US probe widens into 'circle of greed' at SAC
At least six employees at the hedge fund have so far been tied to allegations of insider trading
Bloomberg in New York
Jon Horvath, a former analyst at SAC Capital Advisors who pleaded guilty to passing illegal tips to a manager at the hedge fund, also funnelled inside information to another supervisor, US regulators said in a lawsuit that may help accelerate the massive criminal investigation of SAC and its founder, Steven Cohen.
The Department of Justice and the Securities and Exchange Commission previously identified only one SAC fund manager that they said received and traded on illicit tips from Horvath. Since the government's five-year crackdown on insider trading began, at least six current or former SAC employees have been tied to allegations of insider trading. Four have pleaded guilty to federal charges.
SAC agreed last week to pay a record US$616 million to settle SEC allegations that Sigma Capital Management and another affiliate, CR Intrinsic Investors, made illegal trades using non-public information. Cohen has not been sued personally by the commission.
Horvath, who was a technology analyst at Sigma from 2006 to 2011, is co-operating with the insider-trading investigation by Manhattan US Attorney Preet Bharara's office and the Federal Bureau of Investigation in New York. Ellen Davis, a spokesman for Bharara's office, declined to comment on the SEC claims. The SEC said its investigation was continuing.
Horvath was charged last year with being part of "a tight-knit circle of greed", described by prosecutors as a group of hedge fund analysts and technology company employees who trafficked in inside information, allowing their funds to reap more than US$72 million in illicit profits.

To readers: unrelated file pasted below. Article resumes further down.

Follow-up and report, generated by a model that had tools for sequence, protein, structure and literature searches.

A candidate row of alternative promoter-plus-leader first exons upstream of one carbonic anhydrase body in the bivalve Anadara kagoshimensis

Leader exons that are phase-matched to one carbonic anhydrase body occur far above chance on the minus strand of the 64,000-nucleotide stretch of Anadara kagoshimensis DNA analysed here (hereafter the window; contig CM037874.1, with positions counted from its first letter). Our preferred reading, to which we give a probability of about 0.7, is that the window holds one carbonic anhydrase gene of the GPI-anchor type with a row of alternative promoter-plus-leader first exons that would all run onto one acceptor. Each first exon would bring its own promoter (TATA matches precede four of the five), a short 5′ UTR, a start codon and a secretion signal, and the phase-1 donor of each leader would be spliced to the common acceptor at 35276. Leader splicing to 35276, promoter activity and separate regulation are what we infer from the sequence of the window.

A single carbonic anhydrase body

When he pleaded guilty in September, Horvath told the judge presiding over his case that he provided illegal tips to his portfolio manager, who then traded on the information. While Horvath did not name his colleague in court, prosecutors said during a trial of two co-defendants that SAC manager Michael Steinberg was the recipient of his tips.
US District Judge Richard Sullivan in New York ruled in December that Steinberg was an unindicted co-conspirator in the scheme. Steinberg has denied any wrongdoing.
In his guilty plea, Horvath said he obtained material non-public information on Dell in August 2008 and about Nvidia in May 2009 from insiders at the two technology companies. He said he passed the information to the portfolio manager who supervised him.
Horvath's illegal tips helped SAC earn more than US$6.4 million in profit and avoided losses, according to the SEC complaint.
The SEC filing cited some of the same internal e-mails that were included as evidence in the criminal trial against two of Horvath's co-defendants, Level Global Investors co-founder Anthony Chiasson and former Diamondback Capital Management portfolio manager Todd Newman. They were convicted in December and await sentencing.
In one e-mail sent two days before Dell was set to report second-quarter earnings for 2008, Horvath warned Steinberg and another portfolio manager that the computer maker would miss estimates.
"I have a 2nd hand read from someone at the company," Horvath began the August 26, 2008, message, which provided details on gross margins, expenditures and revenue. "Please keep to yourself as obviously not well known."
The SEC complaint referred to Steinberg as "Portfolio Manager A". Twenty-four minutes after receiving Horvath's e-mail, an SAC fund manager identified by the SEC as "Portfolio Manager B" began selling off Dell stock, according to the complaint.
By the time Dell made its earnings announcement on August 28, 2008, both fund managers reduced their Dell holdings by 600,000 shares, the SEC alleged. In the days that followed, Portfolio Manager A closed out a short position in Dell and multiple options positions, reaping more than US$1 million in profit, while the second fund manager's sale of Dell holdings helped another Sigma unit avoid losses of about US$2 million.